The Complete Fairy Tales & Other Stories
By Hans Christian Andersen - online book

Oxford Complete Illustrated Edition all his stories written between 1835 and 1872.

Home Main Menu Order Support About Search

Share page  

Previous Contents Next

THE GARDEN OF PARADISE             151
' Do not go so near the fire directly,' said the Prince, ' you might get your hands and face frost-bitten.'
I Frost-bitten ? ' repeated the North Wind, and he laughed aloud. ' Cold is exactly what rejoices me most ! But what kind of little tailor art thou ? How did you find your way into the Cavern of the Winds ? '
' He is my guest,' interposed the old woman, ' and if you're not satisfied with this explanation you may go into the sack : do you understand me ? '
You see, that was the right way ; and now the North Wind told whence he came and where he had been for almost a month.
II  come from the Polar Sea,' said he ; 'I have been in the bear's icy land with the Russian walrus hunters. I sat and slept on the helm when they sailed out from the North Cape, and when I awoke now and then, the storm-bird flew round my legs. That's a comical bird ! He gives a sharp clap with his wings, and then holds them quite still and shoots along in full career.'
' Don't be too long-winded,' said the mother of the Winds. ' And so you came to the Bear's Island ? '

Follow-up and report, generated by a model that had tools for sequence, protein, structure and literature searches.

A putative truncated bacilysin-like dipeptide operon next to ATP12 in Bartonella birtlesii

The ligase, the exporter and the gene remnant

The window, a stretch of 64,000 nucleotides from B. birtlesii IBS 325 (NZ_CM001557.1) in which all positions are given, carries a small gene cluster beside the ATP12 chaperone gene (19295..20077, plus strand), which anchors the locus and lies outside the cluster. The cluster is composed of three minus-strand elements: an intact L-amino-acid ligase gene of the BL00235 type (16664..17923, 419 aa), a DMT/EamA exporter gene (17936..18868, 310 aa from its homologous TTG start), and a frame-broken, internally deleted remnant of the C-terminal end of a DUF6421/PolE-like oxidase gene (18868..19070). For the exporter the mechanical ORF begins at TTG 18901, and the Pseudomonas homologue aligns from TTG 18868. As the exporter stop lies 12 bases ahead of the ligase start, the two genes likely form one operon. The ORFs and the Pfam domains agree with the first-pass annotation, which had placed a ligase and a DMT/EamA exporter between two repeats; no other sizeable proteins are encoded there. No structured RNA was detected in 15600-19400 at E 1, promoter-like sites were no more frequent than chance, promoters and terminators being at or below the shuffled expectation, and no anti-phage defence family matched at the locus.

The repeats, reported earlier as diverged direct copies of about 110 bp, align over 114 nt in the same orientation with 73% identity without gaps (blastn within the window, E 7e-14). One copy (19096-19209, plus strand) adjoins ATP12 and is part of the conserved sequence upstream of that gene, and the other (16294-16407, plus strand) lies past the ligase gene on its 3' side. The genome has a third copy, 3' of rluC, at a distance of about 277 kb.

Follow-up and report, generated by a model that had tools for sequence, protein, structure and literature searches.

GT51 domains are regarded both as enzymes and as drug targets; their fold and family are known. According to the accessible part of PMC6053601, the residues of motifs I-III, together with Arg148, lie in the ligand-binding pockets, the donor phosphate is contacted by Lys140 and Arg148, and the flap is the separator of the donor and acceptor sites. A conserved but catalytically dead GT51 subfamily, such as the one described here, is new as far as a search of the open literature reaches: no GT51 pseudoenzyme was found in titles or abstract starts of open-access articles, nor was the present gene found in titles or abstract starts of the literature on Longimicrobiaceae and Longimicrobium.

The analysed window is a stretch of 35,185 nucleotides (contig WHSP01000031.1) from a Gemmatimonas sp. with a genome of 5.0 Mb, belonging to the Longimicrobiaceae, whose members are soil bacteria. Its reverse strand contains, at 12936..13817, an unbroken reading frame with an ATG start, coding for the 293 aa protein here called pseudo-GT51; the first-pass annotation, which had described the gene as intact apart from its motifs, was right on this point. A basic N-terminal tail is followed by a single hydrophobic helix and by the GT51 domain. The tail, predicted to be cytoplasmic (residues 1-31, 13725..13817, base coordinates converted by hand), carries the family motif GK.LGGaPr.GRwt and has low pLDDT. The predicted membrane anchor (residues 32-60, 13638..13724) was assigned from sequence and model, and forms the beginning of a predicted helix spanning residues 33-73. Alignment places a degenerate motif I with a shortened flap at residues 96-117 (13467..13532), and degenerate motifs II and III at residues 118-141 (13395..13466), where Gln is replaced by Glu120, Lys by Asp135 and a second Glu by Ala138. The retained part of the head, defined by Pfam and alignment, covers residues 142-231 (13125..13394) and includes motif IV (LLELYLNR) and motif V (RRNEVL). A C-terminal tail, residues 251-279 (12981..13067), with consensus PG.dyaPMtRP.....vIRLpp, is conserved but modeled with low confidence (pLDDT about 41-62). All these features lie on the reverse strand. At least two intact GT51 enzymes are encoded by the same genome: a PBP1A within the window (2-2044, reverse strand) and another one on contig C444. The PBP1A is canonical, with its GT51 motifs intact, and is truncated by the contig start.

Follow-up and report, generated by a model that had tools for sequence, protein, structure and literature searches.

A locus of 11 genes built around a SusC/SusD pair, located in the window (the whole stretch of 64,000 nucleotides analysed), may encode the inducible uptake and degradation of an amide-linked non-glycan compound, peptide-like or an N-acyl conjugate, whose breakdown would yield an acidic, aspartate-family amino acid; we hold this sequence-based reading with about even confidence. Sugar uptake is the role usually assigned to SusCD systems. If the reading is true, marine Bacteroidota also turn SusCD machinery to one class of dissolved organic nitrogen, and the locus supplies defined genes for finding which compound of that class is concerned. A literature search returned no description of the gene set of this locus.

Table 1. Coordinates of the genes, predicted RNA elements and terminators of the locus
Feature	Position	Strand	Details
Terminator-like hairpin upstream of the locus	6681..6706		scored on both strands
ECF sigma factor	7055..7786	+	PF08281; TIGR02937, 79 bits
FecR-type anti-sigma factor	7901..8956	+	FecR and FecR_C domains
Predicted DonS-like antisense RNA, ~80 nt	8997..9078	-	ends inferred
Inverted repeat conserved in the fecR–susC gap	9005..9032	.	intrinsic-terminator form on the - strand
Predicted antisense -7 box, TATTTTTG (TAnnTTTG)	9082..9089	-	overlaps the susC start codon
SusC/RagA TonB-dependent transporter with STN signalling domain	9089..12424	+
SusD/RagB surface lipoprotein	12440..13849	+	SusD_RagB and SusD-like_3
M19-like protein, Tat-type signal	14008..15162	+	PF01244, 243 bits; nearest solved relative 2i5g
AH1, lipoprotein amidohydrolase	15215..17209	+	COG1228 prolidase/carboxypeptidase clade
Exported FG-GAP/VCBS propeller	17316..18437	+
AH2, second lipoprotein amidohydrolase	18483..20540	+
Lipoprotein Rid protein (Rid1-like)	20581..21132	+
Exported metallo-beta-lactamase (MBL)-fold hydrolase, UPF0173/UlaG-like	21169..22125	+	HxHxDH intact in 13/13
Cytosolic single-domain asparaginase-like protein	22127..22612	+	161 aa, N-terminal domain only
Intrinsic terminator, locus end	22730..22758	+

' It is very beautiful there ! There 's a floor for dancing on, as flat as a plate. Half-thawed snow, with a little moss, sharp stones, and skeletons of walruses and polar bears lay around, they looked like gigantic arms and legs of a rusty green colour. One would have thought the sun had never shone there. I blew a little upon the mist, so that one could see the hut: it was a house built of wreck-wood and covered with walrus-skins—the fleshy side turned outwards. It was full of green and red, and on the roof sat a live polar bear who was growling. I went to the shore to look after birds' nests, and saw the unfledged nestlings screaming and opening their beaks ; then I blew down into their thousand throats, and taught them to shut their mouths. Farther on the huge walruses were splashing like great maggots with pigs' heads and teeth an ell long ! '
' You tell your story well, my son,' said the old lady. ' My mouth waters when I hear you ! '
' Then the hunting began ! The harpoon was hurled into the walrus's breast, so that a smoking stream of blood spurted like a fountain over the ice. When I thought of